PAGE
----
For anyone who wants to see the Northern Lights, then I can thoroughly recommend Aurorahunters. The whole team exudes enthusiasm and is willing to go that extra mile to find the Aurora. That is probably why they still have a 100% record in finding the Aurora for each group.

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Winterwatch 2013 now Over

In early Autumn last year, the BBC announced that instead of the usual format for Autumnwatch, it would be cutting it to a single week, with a second week scheduled for January and would therefore be the first series of Winterwatch. Both weeks were to be set at the Aigas Field Centre, a place that has become my second home over the past five years. The large estate is a real haven for wildlife, including the rare pine marten and a family of beavers. The studio was located in a fishing cabin, next to Loch Cuil na Caillich, affectionately called “The Illicit Still”, after a story told to Sir John Lister-Kaye.

“The Illicit Still”, the log cabin used as the Winterwatch studio in 2013.

Autumnwatch was a great success, with good views of a wide range of wildlife and showed unexpected behaviour, not least in one of the beaver lodges, when a water shrew was seen on one of the cameras. Now that Winterwatch has ended, it can be viewed with equal success, with more footage of previously unseen behaviour, including beavers swimming under the ice on the loch. In fact, the timing of the week of programmes was fortuitous, as it coincided with the advent of cold weather, in what had been a mild winter up to that point. Also featured were pine martens and red squirrels, with some experimentation to examine their behaviour. The final programme was followed by Winterwatch Unsprung. The whole half an hour slot was based in the studio, instead of outside. It was good to see some of the rangers I have grown to know of the past few years, even though a number of them have left since Autumnwatch to take up new challenges. However, behind and above Chris Packham’s right shoulder, placed in prominent view, was a print of one of my images, in fact it was very appropriate, as it was a view of the very cabin they were in, from across the loch following overnight snow.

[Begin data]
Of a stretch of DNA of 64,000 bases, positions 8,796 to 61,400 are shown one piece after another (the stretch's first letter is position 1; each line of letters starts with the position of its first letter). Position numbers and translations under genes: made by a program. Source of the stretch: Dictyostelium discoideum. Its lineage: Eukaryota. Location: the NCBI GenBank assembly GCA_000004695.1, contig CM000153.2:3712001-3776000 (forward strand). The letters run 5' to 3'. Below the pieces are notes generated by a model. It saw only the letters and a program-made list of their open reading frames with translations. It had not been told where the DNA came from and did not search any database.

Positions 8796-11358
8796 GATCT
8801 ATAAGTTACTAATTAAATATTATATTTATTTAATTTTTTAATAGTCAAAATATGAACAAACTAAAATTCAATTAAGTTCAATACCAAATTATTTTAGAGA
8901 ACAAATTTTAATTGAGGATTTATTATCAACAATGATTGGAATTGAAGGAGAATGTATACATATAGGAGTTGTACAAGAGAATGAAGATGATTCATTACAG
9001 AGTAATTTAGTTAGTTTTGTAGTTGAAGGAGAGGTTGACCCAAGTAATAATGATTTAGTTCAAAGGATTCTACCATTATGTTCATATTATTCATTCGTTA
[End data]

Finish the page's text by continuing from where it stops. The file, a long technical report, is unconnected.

Female blackbird feeding on Pyracantha berries.

Further south, winter even gripped the southwest of England. Snow is uncommon in most winters, but we have had snow in three of the last four in Somerset now. Parts of Somerset had several inches, but in Bridgwater, the snow was preceded by a spell of heavy rain, which limited the snowfall to a just a couple of inches. However, it was enough to alter the behaviour of the local wildlife, due to the scarcity of food. The public area at the front of my house was full of blackbirds, but when the children were playing in the snow, they were forced into my garden, where they fed on berries on my Pyracantha and Cotoneaster bushes. At a couple of points, two female birds were present and this resulted in some territorial disputes. Lighting was pretty awful, but I was able to get some ok images of them perched on the bushes and some of them feeding.